JEMMA Lowe faces threats from near and far when she launches her third Commonwealth Games campaign tomorrow.
The Hartlepool swimmer takes to the pool in the morning for the heats of the 100 metres butterfly – the event she clinched bronze in at Delhi four years ago.
J Lo, representing Wales, should go through from the
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heats in Glasgow and reach the semi-final tomorrow night when a place in Friday evening’s final would be up for grabs.
The 24-year-old’s principle danger will come from Australia, Canada and England.
Australia provide a three-pronged attack, headed by reigning Commonwealth champion Alicia Coutts.
The Olympic Games bronze medallist has the fastest personal best in the competition, 56.85 seconds, which was set at London 2012.
Her’s season’s best is 57.6, which is more than three tenths of a second better than Aussie team-mates Ellen Gandy and Emma McKeon - Gandy being a former GB team-mate of Lowe before emigrating down under.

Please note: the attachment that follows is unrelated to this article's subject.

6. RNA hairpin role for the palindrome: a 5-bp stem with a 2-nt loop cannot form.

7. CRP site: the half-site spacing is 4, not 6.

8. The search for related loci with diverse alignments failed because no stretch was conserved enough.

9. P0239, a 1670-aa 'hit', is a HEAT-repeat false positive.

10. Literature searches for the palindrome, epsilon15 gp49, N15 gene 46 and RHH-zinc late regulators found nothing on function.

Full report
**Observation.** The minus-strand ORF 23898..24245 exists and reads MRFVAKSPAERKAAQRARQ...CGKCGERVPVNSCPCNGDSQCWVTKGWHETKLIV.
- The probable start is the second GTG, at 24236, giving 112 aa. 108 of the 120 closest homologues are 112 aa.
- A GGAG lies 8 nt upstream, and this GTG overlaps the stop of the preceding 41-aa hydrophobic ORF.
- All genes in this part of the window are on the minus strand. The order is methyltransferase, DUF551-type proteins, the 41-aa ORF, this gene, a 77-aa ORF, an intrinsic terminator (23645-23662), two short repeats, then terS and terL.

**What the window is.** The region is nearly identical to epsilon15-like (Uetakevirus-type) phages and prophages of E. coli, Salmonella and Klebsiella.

Canada’s Katerine Savard will start as one on of the favourites for gold, having clocked the fastest time ion the Commonwealth, 57.27.
Lowe will have stiff competition from England tomorrow.
Rachel Kelly edged out J Lo for gold at the recent British Gas International at Manchester, clocking 58.76 compared to Jemma’s 59.16.
Fellow English swimmer Siobhan O’Connor is another potential medallist after taking over a second off her personal best with a time of 58.34, while Fran Halsall will also be there or thereabouts.
However, Lowe has beaten all the English girls and has a PB of 57.43 though that was set in 2011 - her best time since being 58.02.
Her pedigree is good - medalling at Delhi behind Coutts and Gandhi and finishing sixth in the 2012 Olympic final.
Lowe also warmed up for Glasgow with that silver in the British Gas International where she struck gold in the 200.
Dad Mike, who will be at the Torcross International Swimming Centre tomorrow with wife, Janet, and daughter, Naomi, hopes Jemma’s competitive streak will shine through.
“It’s a very tough competition,” he said.
“All three Aussies are 57/58 second girls, there are four UK swimmers in contention and the Canadian girl.
“If Jemma comes out and does a 58 tomorrow then she could be on for an excellent time.
“Jemma thinks she may have a better chance in the 200 but she’s done well in the 100 before so we’ll have to see how it goes.”
The heats take place in the morning session, which gets under way at 10.30am, with the semi in the evening programme which starts at 7pm.